On paper, it’s not just the Republican campaign fundraising arms that have money problems. Several of their Senate candidates do as well.
In all but one of the eight states where Republicans are locked in primary battles for the party’s nomination, the Democratic candidates already have cash on hand advantages, some of them significant.
Add that to the Democratic Senatorial Campaign Committee’s cash on hand advantage over its Republican counterpart — it started the year with $12.5 million to the National Republican Senatorial Committee’s $8.3 million — and it looks like the GOP faces a steep uphill path.
“These primaries not only present political problems, but also are inhibiting GOP chances of building adequate war chests,” a Democratic strategist said.
Republicans argue that their leads in much of the polling, along with competitive primaries on the Democratic side, put them in what NRSC spokesman Brian Walsh said is “a far stronger financial position relative to the Democrats, compared to two years ago.”
Here’s the state of the races:
Arkansas: Sen. Blanche Lincoln, the incumbent Democrat, has $5 million in her war chest, more than five times as much as the two most serious Republican challengers combined. Rep. John Boozman has about $292,000, and state Sen. Gilbert Baker has $639,000. Yet the GOP is confident that either of those candidates will oust Lincoln, and the polling seems to back them up for now. The two most recent polls had both Boozman and Baker between 15 and 20 points ahead of Lincoln.
Colorado: Sen. Michael Bennet, the incumbent Democrat, has $3.5 million on hand and will snatch up a bit more on Thursday when President Obama campaigns for him. Compare that to the Republicans: former Lt. Gov. Jane Norton has $600,000 and Weld County District Attorney Ken Buck has $276,000. But Bennet is facing a stiff primary challenge himself from former state House Speaker Andrew Romanoff. And whiles some polls show Bennet slightly ahead of the Republicans, he is behind Norton in others.
California: Sen. Barbara Boxer, the incumbent Democrat, holds a big money lead here as well, with $7.3 million to the $2.8 million held by the most loaded Republican, former Hewlett-Packard chief executive Carly Fiorina. Former congressman Tom Campbell, who is leading his fellow Republicans in primary polling, has about $700,000, and state assembly man Chuck Devore has $226,364. Privately, Republicans downplay the significance of this race in the broader scheme, saying it is not one of their top pickup targets, but say either Fiorina or Campbell will at the very least give Boxer a tough enough run that she has to use most of her money and can’t transfer it to the national party.
Nevada: Senate Majority Leader Harry Reid, Democrat, has $8.7 million. He also will get a fundraising boost from Obama this week when the president shows up in Nevada on Friday. The closest Republican is banker John Chachas, with $1.7 million. Businessman Danny Tarkanian has about $377,000, and former state Sen. Sue Lowden has roughly $498,000. But the state of this race is more clear than most: Reid is going to need every cent if he hopes to win reelection. Reid’s negatives are sky high in the state, and he trails both Tarkanian and Lowden in most polls.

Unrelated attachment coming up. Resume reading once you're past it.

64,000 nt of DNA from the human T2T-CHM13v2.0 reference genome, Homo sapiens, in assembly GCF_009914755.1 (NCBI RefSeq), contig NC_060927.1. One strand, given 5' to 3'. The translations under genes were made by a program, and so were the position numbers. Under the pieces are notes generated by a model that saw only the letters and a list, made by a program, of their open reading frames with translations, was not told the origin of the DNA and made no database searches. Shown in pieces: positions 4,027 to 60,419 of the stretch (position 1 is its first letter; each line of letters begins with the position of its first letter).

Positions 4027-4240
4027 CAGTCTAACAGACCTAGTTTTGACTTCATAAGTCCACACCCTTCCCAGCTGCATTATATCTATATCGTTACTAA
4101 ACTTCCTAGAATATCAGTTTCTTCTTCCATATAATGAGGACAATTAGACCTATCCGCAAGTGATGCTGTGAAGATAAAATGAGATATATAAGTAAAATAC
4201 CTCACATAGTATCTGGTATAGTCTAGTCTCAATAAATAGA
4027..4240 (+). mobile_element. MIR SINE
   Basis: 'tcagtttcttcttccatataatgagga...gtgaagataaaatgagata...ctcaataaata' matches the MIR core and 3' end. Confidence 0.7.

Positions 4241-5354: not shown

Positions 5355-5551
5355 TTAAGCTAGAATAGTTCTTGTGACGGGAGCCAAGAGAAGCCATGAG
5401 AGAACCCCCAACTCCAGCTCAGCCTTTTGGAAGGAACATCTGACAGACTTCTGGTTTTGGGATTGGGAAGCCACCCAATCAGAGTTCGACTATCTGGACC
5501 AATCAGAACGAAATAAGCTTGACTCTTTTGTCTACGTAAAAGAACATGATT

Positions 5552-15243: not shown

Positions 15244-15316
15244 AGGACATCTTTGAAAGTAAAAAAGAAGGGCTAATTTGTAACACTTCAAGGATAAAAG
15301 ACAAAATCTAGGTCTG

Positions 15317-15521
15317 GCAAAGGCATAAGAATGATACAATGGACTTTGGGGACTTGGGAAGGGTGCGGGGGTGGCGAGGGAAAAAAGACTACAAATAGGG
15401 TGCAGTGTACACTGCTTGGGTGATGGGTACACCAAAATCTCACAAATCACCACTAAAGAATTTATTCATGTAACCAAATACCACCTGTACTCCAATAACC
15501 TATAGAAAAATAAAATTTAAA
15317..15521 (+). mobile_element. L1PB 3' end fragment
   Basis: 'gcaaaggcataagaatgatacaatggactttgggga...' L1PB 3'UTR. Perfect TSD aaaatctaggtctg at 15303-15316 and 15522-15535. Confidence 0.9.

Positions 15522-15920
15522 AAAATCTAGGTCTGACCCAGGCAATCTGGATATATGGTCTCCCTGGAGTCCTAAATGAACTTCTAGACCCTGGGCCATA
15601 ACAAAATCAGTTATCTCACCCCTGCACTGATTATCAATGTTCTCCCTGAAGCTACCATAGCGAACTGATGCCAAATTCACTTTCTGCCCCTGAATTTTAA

New Hampshire: Rep. Paul Hodes, the Democratic frontrunner, has $1.4 million to the Republican front-runner Kelly Ayotte, the state’s attorney general from 2004 to 2009, who has $1 million. That’s a slight lead for Hodes given the fact that he entered the race much earlier than Ayotte. Ayotte consistently leads Hodes in recent polling by several points.
Pennsylvania: Sen. Arlen Specter, the former Republican turned Democrat incumbent, has a Harry Reid-size war chest, with $8.7 million. The closest Republican, former congressman Pat Toomey, has a respectable $2.8 million. But Specter faces a tough primary challenge from Rep. Joe Sestak, who has $5.1 million himself. And again, Toomey leads in the polls over both Specter and Sestak.
Kentucky: Jack Conway, the state’s attorney general and Democratic front-runner, has a slight edge over the two Republican candidates. Conway has $1.7 million while Trey Grayson, Kentucky’s secretary of state, has $1.4 million, and physician Rand Paul has $1.3 million. Again, a familiar dynamic is at play. Both Grayson and Paul lead Conway in the polls. And Conway faces a challenge of his own from Lt. Gov. Dan Mongiardo, who has $783,000 of his own.
Florida: You would think Republican Gov. Charlie Crist would be the clear leader, with a $7.6 million war chest. But he has lost the 30-point lead in the polls he had last summer over primary challenger Marco Rubio, the former state speaker, who has $2 million on hand. Rubio is considered by many in the GOP to be not only a lock for the nomination and the general election, but is also being looked to as a national leader. Democrat Rep. Kendrick Meek has a respectable $3.5 million, but few expect him to be any threat to Rubio or Crist.
Of this list, Democrats are ahead only in Colorado and California. So while the party has an edge in overall cash levels, they are facing some pretty difficult challenges in the overall political environment and look to have a number of very tough races on their hands.